He also worked on several television movies and was the musical director of Saturday Night Live in 1980-81. As an actor, he had bit parts in Eddie and the Cruisers, Billy Bathgate (1991), and Hurly Burly (1998), and he became a particular favorite of director Woody Allen, joining Allen’s informal stock company and appearing in Manhattan (1979), Stardust Memories (1980), Crimes and Misdemeanors (1989), Husbands and Wives (1992), Everyone Says I Love You (1996), and Deconstructing Harry (1997).
Vance is credited as “mentor” on Peter Himmelman’s 1987 album Gematria, and his friendship with Himmelman led to the long overdue to follow-up to Vance 32, Vance’s second solo album Short Vacation, released on Gold Castle Records in 1988; Himmelman served as the album’s producer.
In 1992, Vance re-formed The Planotones, his fictional group from American Hot Wax, as a real group to sing the doo wop music he loved. The group consisted of other music business veterans with similar taste: Murray Weinstock (formerly of the Fifth Avenue Band); songwriter Garry Bonner (co-author of the Turtles hit “Happy Together“), who joined in 1994; Angel Rissoff; and Johnny Gale. The group’s first album, Teenage Jazz, was released in 1994. The 32 Jazz label issued a second Vance & The Planotones album, Looking for an Echo, in May 1996.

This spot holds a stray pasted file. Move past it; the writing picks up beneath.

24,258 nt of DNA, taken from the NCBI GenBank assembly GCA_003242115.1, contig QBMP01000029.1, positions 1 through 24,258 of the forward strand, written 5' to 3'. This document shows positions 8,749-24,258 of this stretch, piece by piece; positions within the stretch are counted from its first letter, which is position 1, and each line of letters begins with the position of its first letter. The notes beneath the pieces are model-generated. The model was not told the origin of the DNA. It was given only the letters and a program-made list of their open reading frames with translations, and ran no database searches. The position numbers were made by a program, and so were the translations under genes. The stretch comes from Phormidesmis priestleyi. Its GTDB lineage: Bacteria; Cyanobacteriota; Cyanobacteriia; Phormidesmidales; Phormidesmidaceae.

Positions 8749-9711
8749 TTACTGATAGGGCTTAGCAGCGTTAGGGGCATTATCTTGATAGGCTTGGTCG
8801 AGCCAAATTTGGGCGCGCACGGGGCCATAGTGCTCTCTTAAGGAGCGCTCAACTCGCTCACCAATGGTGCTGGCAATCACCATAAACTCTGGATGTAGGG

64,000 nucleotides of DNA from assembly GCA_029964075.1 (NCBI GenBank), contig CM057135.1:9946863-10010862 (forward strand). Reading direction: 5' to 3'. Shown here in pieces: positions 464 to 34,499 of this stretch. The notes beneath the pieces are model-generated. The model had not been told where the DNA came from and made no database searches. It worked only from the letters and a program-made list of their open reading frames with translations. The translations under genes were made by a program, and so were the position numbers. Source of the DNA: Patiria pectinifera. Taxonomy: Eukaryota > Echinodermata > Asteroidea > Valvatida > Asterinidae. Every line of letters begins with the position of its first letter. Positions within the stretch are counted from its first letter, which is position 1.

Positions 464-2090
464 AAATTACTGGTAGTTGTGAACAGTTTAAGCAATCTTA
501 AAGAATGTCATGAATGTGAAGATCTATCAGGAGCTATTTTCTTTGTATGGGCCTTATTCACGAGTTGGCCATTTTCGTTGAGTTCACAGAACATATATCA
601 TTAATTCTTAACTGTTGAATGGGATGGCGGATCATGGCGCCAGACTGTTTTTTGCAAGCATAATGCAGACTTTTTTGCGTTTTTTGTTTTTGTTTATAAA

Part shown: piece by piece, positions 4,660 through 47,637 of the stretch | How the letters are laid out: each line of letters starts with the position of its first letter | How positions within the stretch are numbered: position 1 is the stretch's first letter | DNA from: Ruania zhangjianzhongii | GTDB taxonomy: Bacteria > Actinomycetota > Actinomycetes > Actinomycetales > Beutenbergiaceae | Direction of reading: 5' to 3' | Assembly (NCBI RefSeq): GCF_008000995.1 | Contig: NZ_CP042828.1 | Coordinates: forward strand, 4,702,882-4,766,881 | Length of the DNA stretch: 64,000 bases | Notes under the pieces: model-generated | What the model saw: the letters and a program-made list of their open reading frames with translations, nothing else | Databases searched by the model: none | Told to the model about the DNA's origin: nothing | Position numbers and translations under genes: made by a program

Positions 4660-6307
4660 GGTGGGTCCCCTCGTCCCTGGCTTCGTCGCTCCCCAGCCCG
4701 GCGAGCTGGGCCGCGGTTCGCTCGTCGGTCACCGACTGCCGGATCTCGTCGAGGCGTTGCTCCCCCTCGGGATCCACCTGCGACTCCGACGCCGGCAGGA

In 1999, Looking for an Echo was the title of a film for which Vance served as musical director and which spawned a soundtrack album released in November 2000 consisting entirely of Kenny Vance & the Planotones performances.
In October 2001 Varèse Sarabande Records released Out of This World: Live at the Bitter End, followed in August 2002 by Kenny Vance & the Planotones on Collectables Records.
A new studio album, Lovers Island, was released in October 2005, and included interpretations of such standards as “Everybody’s Somebody’s Fool,” and “Stormy Weather.”
The next Kenny Vance & The Planotones album was Countdown to Love, released in October 2007.
In January 2008, the group released its first DVD, Live, through Alpha Video. ~ William Ruhlmann